So Sheri, Stay; just a little bit longer. – Uncle Craig

  3. A pleasant article to read by a Parisian. Perhaps we could swap flats sometime? 😀 Here in Paris, neighbourhood life is very pleasant. I also live in a lively neighbourhood, mixed between young and not so young people, impregnated with a social fabric at the crossroads of African, Jewish and Asian cultures (Tunisians, Moroccans, Africans from Algeria, Cameroon, Senegal and other parts of the great black continent, Chinese). Students, filmmakers, designers and wall painters, journalists, grocers, bakers, butchers, garbage collectors, bars, restaurants… life abounds here, and it’s wonderful. I’ve been living here for 37 years, and I rest here regularly. I like to walk in the streets of Paris, which is finally a big village, with no high towers, just Haussmanian or more sober buildings, with shops of all kinds, from the classiest shop to the most absolute mess. My greetings to the inhabitants of Brooklyn! 😀 And the Californians too (I have lived in SF for 8 months ten years ago). And thanks to David for allowing me to exchange these few words with a Brooklynite.

    • That would be absolutely amazing and thanks so much. Would love to come to Paris and do a pourrais-je vivre ici direct from the City of Lights.

  4. Well, first off, I love your writing style because it’s so readable and flavorful. As is Brooklyn, which you sell convincingly, and where it seems a foodie revolution is overdue!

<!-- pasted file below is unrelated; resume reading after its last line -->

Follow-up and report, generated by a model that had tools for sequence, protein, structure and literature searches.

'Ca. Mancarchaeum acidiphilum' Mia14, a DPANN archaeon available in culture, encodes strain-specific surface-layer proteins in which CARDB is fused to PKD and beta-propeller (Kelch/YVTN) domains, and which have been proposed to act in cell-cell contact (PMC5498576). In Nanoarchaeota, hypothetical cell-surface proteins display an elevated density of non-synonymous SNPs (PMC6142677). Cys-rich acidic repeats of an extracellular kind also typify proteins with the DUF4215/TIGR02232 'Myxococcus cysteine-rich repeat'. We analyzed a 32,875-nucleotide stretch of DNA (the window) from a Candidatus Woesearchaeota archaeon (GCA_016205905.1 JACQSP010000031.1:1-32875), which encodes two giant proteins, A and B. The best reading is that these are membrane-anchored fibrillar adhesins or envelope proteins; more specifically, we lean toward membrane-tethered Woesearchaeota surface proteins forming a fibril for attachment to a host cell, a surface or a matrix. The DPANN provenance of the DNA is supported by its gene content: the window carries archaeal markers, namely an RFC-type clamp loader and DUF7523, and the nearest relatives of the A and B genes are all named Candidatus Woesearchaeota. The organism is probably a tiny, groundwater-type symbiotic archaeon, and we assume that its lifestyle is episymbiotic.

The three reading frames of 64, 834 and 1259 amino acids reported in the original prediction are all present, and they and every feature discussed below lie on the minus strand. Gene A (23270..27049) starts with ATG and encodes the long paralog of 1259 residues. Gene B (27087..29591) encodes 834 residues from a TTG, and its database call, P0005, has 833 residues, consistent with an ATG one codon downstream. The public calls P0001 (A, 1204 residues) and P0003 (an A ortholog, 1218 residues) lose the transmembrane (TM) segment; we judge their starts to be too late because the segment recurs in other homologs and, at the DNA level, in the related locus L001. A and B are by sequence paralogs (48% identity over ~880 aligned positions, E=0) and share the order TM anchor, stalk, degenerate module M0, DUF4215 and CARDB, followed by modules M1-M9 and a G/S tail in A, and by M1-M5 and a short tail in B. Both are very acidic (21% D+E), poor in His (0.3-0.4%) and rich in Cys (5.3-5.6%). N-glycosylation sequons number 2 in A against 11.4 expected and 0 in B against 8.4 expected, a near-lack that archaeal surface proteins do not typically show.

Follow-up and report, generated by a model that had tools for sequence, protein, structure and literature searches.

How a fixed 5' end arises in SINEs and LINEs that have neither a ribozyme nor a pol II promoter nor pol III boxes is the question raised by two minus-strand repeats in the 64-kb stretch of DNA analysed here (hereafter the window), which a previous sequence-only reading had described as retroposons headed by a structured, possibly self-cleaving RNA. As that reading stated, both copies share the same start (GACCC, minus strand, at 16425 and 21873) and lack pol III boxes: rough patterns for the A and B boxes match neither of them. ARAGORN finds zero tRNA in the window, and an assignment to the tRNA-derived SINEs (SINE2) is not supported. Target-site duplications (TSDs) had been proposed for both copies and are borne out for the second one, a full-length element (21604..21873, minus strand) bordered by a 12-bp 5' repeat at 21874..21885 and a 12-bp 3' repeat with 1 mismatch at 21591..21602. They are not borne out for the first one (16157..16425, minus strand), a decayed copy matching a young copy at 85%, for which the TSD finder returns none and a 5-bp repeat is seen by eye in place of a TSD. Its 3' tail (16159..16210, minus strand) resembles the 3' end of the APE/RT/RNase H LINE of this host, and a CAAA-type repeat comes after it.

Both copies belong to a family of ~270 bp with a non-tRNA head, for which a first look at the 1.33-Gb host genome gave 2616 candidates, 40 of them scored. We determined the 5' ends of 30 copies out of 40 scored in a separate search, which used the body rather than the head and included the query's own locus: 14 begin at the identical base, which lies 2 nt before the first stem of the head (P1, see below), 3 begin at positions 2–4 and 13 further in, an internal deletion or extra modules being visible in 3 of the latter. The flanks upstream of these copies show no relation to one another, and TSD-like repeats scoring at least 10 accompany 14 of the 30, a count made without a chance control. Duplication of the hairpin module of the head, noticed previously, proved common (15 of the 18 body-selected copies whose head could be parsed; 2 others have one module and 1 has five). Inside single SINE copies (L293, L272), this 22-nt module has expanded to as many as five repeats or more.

• Thanks for this. Great food in BK in general just somehow not the best in my neighborhood but suspect that could change.

  5. Love the article! I am having the same thoughts about staying on my rock (Roosevelt Island) versus leaving NYC as I get older. It all boils down to affordability – nothing gets cheaper as time goes by!
    I would stick it out for as long as I can, I mean, when you have everything you love right at your door step…..
    I need to go hangout in your hood more often!

  6. You made me incredibly home sick and missing my leisurely weekend walks from Prospect Heights through Park Slope and around Carrol Gardens and Cobble Hill before backtracking all too late to save myself from sore feet. But the city does that to you, keeps you walking and walking and wanting one more street, one more unexpected find, one more micro neighborhood or hole-in-the-wall that took 10 passings to see. Welp, the trees will have to stand in for croissants for now but you need to stay there and delivery vicarious vibes. (Not me thinking Lily Allen left David Harbour for Daniel Craig and you had the serious neighborhood intel… alas all is well!)